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Career Concerns and the Busy Life of the Young CEO

Author

Listed:
  • Li, Xiaoyang

    (University of MI)

  • Low, Angie

    (Nanyang Technological University)

  • Makhija, Anil K.

    (OH State University)

Abstract

Using U.S. plant-level data for firms across a broad spectrum of industries, we compare how career concerns affect the real investment decisions of younger and older CEOs. In contrast to prior research which has examined some specialized labor markets, we find that younger CEOs undertake more active, bolder investment activities, consistent with an attempt on their part to signal confidence and superior abilities. They are more likely to enter new lines of business, as well as exit other existing businesses. They prefer growth through acquisitions, while older CEOs prefer to build new plants. This busier investment style of the younger CEOs appears to be relatively successful since younger CEOs are associated with higher plant-level efficiency compared to older CEOs.

Suggested Citation

  • Li, Xiaoyang & Low, Angie & Makhija, Anil K., 2011. "Career Concerns and the Busy Life of the Young CEO," Working Paper Series 2011-4, Ohio State University, Charles A. Dice Center for Research in Financial Economics.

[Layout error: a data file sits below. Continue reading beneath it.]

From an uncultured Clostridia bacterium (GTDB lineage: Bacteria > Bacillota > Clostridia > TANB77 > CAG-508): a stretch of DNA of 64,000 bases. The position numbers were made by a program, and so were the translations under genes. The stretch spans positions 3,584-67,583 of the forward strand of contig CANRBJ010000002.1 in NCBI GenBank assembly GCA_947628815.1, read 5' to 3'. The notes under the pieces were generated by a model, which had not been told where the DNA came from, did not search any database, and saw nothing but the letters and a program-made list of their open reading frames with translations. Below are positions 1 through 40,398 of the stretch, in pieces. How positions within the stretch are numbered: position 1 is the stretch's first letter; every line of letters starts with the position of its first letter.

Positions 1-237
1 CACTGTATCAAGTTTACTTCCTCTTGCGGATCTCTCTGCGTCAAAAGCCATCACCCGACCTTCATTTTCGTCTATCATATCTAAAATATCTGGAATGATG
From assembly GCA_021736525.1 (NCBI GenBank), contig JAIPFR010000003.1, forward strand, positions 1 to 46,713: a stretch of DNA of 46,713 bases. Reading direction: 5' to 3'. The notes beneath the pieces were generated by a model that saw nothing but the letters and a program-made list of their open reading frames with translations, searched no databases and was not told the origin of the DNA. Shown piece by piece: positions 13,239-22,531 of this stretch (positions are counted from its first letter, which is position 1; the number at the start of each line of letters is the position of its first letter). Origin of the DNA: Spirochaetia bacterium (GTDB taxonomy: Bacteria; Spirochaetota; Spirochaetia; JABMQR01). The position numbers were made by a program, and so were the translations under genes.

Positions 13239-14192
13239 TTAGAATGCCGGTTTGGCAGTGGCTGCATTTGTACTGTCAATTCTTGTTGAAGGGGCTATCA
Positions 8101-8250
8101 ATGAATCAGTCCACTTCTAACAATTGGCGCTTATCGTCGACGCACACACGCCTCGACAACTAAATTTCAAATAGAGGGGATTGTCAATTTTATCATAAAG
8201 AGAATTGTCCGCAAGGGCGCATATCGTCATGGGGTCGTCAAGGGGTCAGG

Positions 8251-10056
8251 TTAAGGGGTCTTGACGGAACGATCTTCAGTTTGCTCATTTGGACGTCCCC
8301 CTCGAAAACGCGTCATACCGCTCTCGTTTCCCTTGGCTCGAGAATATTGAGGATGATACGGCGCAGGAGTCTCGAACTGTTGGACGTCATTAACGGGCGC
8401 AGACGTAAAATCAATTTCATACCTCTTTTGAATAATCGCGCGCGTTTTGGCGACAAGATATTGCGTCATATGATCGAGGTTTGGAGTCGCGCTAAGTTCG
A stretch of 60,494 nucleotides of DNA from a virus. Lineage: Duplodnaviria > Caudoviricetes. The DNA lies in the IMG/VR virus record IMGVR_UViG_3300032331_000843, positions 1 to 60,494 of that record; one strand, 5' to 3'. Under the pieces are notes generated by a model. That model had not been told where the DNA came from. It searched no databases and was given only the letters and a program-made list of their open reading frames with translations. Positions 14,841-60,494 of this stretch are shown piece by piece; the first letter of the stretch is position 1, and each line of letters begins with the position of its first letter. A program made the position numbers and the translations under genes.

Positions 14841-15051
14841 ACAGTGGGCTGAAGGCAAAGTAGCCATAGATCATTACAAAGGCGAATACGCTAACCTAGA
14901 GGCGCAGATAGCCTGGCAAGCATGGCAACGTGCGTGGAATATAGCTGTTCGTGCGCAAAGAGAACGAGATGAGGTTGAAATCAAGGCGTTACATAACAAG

• Handle: RePEc:ecl:ohidic:2011-4
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    File URL: http://fisher.osu.edu/supplements/10/10471/2011-4.pdf
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    References listed on IDEAS

    as
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    Cited by:

    1. Citci, Sadettin Haluk & Inci, Eren, 2016. "The masquerade ball of the CEOs and the mask of excessive risk," Economic Modelling, Elsevier, vol. 58(C), pages 383-393.
    2. Waelchli, Urs & Zeller, Jonas, 2013. "Old captains at the helm: Chairman age and firm performance," Journal of Banking & Finance, Elsevier, vol. 37(5), pages 1612-1628.
    3. Serfling, Matthew A., 2014. "CEO age and the riskiness of corporate policies," Journal of Corporate Finance, Elsevier, vol. 25(C), pages 251-273.

    More about this item

    JEL classification:

    • G34 - Financial Economics - - Corporate Finance and Governance - - - Mergers; Acquisitions; Restructuring; Corporate Governance

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